After seeking advice from national experts, Eastlund consulted the hospital's oncologist, who administered two rounds of chemotherapy. "After the second round the HCG titer began to rise again. Her uterus was enlarging . . . [and] plans were to proceed with a third D&C. She was still faithfully taking the birth control pill. . . . In the work-up prior to the D&C an ultrasound was obtained . . . [which] showed a live pregnancy . . . consistent with nine weeks gestation. Fetal heart motion was seen on the real-time ultrasound. . . . The uterus, however, measured about fourteen weeks size on exam." The D&C was thus postponed, pending resolution of this moral dilemma.

The patient was ultimately readmitted for the abortion. As recounted in his letter to Kurtz, "In the two weeks of time from the ultrasound showing a live pregnancy to the procedure,  I had examined my patient several times . . . [and there was no] evidence of passing tissue . . . [no] cervical dilatation . . . no bleeding. Her uterus continued to be enlarged as expected with a developing pregnancy. The evening before surgery an ultrasonic doppler was used to detect the fetal heart.  The next morning I proceeded with the surgery. . . . I had one partner who . . . had witnessed the ultrasound done two weeks before.  He and a radiologist both saw the fetus and the beating heart" (emphasis added). A post-operation "ultrasound showed an empty uterus. The uterus still was very soft and about fourteen weeks size at the time of the D&C."

After receiving Eastlund's response, Kurtz asked me to investigate this fascinating report of a medical/religious miracle. Although I am a practicing physician, my specialty is not obstetrics and gynecology, so I enlisted the aid of a board-certified OB/GYN colleague.

Our analysis of Eastlund's letters leads us to conclude that the pre-abortion "ultrasound" described in the earlier letter to Dobson had actually been performed two weeks prior  to the abortion, not "just a few hours before." His wording to Dobson about having "obtained an ultrasound . . . showing a live fetus with a beating heart and what appeared to be a normal pregnancy" and another ultrasound that "showed an empty uterus" describes the visual images of a fetus and uterus, images given by "real-time ultrasounds" or "sonograms" obtained from a hospital's radiology department. It also corresponds to Eastlund's descriptions of the real-time ultrasounds in his letter to Kurtz. In stark contrast to these visually descriptive phrases, we learn in the letter to Kurtz that the evening before surgery Eastlund merely used an ultrasonic doppler listening device (in essence an electronic stethoscope) to listen for the fetal heartbeat. My consultant strongly affirms this to be a much more subjective exercise, open to possible misinterpretation, and one which is not "obtained," but rather is performed by oneself.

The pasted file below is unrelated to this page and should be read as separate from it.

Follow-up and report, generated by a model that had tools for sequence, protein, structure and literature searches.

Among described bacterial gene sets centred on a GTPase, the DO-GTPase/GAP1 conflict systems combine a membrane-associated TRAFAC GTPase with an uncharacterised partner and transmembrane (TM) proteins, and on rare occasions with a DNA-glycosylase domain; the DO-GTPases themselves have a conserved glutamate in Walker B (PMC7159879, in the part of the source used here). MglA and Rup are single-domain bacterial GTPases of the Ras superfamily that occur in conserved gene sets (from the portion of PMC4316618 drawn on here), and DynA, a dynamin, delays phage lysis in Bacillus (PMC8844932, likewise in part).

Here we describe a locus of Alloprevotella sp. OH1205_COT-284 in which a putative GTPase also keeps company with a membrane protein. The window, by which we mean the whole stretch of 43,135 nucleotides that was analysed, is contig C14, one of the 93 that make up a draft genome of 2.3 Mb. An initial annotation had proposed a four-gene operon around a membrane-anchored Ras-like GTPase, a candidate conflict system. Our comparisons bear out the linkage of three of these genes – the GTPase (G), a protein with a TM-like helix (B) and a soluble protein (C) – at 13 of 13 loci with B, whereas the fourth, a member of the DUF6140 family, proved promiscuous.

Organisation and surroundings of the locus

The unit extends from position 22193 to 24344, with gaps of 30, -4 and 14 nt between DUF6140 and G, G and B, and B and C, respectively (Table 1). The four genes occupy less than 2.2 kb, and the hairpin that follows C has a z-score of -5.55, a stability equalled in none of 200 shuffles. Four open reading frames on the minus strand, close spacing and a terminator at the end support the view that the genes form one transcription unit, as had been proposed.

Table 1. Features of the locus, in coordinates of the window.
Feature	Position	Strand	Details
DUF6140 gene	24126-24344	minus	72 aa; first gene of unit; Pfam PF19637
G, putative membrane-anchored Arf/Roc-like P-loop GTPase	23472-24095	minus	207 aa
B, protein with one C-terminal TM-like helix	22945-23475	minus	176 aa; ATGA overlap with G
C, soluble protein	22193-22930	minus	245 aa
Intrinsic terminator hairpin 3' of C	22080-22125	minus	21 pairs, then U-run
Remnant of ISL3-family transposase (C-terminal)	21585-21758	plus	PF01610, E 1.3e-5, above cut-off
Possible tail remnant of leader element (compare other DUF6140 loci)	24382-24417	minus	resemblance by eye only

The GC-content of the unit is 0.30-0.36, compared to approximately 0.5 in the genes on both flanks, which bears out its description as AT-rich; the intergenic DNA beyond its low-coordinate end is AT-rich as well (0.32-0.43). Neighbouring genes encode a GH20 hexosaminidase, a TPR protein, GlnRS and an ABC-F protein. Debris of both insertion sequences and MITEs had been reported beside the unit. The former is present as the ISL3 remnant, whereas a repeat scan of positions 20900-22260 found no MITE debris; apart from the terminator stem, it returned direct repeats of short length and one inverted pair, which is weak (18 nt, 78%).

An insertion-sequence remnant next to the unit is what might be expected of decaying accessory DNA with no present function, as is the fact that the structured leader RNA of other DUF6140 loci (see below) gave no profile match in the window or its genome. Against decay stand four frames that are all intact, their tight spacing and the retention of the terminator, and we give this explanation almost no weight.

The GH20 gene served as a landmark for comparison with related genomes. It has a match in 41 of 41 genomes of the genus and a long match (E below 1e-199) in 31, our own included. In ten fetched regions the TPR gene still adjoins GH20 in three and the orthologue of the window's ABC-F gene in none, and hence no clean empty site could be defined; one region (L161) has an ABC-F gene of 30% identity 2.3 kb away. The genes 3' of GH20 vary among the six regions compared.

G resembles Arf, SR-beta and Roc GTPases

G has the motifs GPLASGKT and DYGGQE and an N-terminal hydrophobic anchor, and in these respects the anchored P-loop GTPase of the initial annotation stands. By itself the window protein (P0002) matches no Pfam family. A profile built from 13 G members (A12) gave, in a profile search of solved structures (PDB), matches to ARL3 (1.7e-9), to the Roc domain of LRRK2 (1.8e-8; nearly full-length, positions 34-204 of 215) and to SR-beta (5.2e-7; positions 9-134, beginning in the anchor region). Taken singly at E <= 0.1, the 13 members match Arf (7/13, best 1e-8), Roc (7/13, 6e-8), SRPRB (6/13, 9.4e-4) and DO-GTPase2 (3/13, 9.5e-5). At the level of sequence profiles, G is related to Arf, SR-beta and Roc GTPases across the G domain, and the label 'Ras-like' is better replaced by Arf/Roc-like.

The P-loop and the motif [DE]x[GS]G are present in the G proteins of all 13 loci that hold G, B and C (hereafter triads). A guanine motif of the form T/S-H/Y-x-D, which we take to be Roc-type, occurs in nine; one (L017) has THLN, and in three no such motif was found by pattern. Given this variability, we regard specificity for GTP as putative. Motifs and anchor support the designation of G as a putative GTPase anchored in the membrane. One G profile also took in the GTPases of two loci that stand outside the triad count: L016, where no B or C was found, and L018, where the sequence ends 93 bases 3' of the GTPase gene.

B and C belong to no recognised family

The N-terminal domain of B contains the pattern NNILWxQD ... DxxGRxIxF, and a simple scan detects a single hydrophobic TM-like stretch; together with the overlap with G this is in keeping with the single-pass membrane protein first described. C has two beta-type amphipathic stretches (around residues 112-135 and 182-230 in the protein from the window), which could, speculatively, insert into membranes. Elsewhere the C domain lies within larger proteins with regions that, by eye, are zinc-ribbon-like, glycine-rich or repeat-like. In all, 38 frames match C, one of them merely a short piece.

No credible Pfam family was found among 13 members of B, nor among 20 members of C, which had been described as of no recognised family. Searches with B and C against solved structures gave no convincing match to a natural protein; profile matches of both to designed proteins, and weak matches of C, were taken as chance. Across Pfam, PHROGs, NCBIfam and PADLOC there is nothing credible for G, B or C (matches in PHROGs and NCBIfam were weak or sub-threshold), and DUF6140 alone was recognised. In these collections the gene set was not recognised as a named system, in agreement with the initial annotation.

Thus, the answer to Kurtz's first question -- could Dr. Eastlund confirm that the ultrasound had been performed just a few hours before the abortion? -- appears to be "No." With regard to Kurtz's second question, Eastlund can offer no alternative, "natural" explanation. He does not believe that the fetus could have been miscarried in the intervening two weeks, based upon his examinations of the patient. As for some other natural explanation for the fetus's disappearance, Eastlund states, "I have never seen . . . [a] known abortion . . . [in which] the patient absorbed the tissue with nothing being passed. At eight to nine weeks the tissue . . . is of large enough volume that complete absorption is most unlikely. I have never seen degeneration to such an extent where the fetus and almost all the placental tissue has disappeared. . . . There was a question that the chemotherapy had destroyed the pregnancy. If more time had elapsed that would be a viable argument. However, we had evidence of a viable pregnancy after two rounds of chemotherapy. . . . I would say it is very doubtful that the cancer, chemotherapy, or other natural cause would have already destroyed the fetus."(Question: Why even explore these possibilities if "undeniable proof" of a living fetus had been established only "a few hours before" surgery?)